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An Enquiry Concerning Political Justice

By William Godwin



Argument in favour of a variety of forms -- Compared with the argument in favour of a variety of religious creeds. -- That there is one best form of government proved -- From the unity of truth -- From the nature of man. -- Objection from human weakness and prejudice. -- Danger in establishing an imperfect code. -- Manner of nations produced by their forms of government. -- Gradual improvement necessary. -- Simplicity chiefly to be desired. -- Publication of truth the grand instrument -- By individuals, not by government -- The truth entire and not by parcels. -- Sort of progress to be desired.
{179} A proposition that by many political reasoners has been vehemently maintained, is that of the propriety of instituting different political governments suited to the characters, the habits and prejudices of different nations. 'The English constitution,' say the reasoners, 'is adapted to the thoughtful, rough and unsubmitting character of this island race; the {180} slowness and complication of Dutch formality to the phlegmatic Hollander; and the splendour of the grand monarque to the vivacity of Frenchmen. Among the ancients what could be better assorted than a pure democracy to the intellectual acuteness and impetuous energy of the Athenians; while the hardy and unpolished Spartan flourished much more under the rugged and inflexible discipline of Lycurgus? The great art of the legislator is to penetrate into the true character of the nation with whom he is concerned, and to discover the exact structure of government which is calculated to render that nation flourishing and happy.' Accordingly an Englishman who should reason upon these postulata might say, 'It is not necessary I should assert the English constitution to be the happiest and sublimest conception of the human mind; I do not enquire into the abstract excellence of that government under which France made herself illustrious for centuries. I contemplate with enthusiasm the venerable republics of Greece and Rome. But I am an enemy to the removing ancient landmarks, and disturbing with our crude devices the wisdom of ages. I regard with horror the Quixote plan, that would reduce the irregular greatness of nations to the frigid and impracticable standard of metaphysical accuracy1.' {181}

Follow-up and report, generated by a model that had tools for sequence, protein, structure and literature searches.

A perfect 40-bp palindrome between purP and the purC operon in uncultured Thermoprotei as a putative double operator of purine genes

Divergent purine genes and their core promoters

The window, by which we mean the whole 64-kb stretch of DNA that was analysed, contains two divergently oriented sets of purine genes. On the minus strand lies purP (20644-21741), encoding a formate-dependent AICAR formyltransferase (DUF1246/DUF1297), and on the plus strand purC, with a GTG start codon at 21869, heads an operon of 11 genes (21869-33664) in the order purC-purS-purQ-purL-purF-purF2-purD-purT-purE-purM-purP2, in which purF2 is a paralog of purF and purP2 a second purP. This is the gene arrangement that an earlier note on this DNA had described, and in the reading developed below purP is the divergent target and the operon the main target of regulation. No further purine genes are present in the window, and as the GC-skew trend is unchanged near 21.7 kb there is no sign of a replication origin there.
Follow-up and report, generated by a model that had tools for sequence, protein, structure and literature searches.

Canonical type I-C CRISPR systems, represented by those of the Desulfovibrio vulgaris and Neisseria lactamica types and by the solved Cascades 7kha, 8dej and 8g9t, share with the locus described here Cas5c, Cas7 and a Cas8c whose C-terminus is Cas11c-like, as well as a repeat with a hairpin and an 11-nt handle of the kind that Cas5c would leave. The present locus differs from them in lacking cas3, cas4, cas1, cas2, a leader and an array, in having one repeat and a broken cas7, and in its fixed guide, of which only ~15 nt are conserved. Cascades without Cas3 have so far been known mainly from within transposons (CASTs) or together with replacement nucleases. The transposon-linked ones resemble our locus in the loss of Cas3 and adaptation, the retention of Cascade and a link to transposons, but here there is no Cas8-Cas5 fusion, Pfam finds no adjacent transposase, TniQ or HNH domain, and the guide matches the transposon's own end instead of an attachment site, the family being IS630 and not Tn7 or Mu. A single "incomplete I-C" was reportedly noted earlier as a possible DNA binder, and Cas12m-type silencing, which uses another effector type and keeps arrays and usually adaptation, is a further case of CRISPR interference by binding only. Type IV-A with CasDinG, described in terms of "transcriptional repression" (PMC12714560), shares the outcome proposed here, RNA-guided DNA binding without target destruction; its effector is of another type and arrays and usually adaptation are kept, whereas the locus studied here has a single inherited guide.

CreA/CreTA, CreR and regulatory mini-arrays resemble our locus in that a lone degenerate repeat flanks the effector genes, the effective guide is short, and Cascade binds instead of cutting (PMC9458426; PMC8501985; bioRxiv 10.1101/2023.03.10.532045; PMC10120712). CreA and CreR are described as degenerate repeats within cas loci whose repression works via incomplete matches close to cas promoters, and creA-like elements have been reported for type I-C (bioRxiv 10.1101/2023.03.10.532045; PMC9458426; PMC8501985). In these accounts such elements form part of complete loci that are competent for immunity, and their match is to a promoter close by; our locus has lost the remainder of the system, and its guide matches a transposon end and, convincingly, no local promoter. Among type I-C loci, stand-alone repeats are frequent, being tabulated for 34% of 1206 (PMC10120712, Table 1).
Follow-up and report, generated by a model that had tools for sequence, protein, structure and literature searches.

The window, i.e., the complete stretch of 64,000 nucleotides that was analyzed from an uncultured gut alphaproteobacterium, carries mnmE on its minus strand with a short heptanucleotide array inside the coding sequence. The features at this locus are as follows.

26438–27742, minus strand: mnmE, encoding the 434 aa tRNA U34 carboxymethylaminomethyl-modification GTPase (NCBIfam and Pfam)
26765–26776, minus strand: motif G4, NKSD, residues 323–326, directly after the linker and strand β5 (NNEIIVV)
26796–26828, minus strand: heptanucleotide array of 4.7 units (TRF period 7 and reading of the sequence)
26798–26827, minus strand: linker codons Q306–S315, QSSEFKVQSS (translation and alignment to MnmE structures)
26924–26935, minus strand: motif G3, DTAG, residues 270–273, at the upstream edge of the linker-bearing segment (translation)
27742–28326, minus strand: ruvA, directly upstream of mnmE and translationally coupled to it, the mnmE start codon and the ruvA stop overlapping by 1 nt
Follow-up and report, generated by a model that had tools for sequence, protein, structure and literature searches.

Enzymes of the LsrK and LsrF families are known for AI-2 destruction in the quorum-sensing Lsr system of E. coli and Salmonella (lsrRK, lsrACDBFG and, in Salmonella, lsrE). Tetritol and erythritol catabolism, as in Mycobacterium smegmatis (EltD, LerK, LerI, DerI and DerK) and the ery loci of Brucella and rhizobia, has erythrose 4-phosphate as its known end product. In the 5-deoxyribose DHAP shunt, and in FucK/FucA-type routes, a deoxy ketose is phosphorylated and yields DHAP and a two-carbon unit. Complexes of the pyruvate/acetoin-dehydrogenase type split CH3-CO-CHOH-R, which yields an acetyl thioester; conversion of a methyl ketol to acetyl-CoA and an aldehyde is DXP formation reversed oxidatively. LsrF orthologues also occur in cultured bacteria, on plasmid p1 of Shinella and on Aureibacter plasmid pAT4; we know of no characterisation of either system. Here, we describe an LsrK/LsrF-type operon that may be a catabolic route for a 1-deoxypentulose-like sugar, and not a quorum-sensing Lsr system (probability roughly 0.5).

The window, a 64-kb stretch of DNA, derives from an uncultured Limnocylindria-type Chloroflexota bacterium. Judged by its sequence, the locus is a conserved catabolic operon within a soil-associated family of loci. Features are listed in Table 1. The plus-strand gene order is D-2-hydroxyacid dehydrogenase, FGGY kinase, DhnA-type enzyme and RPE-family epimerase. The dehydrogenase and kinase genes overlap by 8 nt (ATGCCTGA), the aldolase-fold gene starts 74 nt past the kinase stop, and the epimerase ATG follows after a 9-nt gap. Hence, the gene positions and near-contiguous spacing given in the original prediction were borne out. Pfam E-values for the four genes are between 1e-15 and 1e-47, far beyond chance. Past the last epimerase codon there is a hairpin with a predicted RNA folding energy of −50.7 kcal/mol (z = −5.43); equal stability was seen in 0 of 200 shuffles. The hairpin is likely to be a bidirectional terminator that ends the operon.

This question had been anticipated in various parts of the present work; but the argument is so popular and plausible to a superficial view, as justly to entitle it to a separate examination.

The idea bears some resemblance to one which was formerly insisted upon by certain latitudinarians in religion. 'It is impious,' said they, 'to endeavour to reduce all men to uniformity of opinion upon this subject. Men's minds are as various as their faces. God has made them so; and it is to be presumed that he is well pleased to be addressed in different languages, by different names, and with the consenting ardour of disagreeing sects.' Thus did these reasoners confound the majesty of truth with the deformity of falshood; and suppose that that being who was all truth, took delight in the errors, the absurdities, and the vices, for all falshood in some way or other engenders vice, of his creatures. At the same time they were employed in unnerving that activity of mind, which is the single source of human improvement. If truth and falshood be in reality upon a level, I shall be very weakly employed in a strenuous endeavour either to discover truth for myself, or to impress it upon others.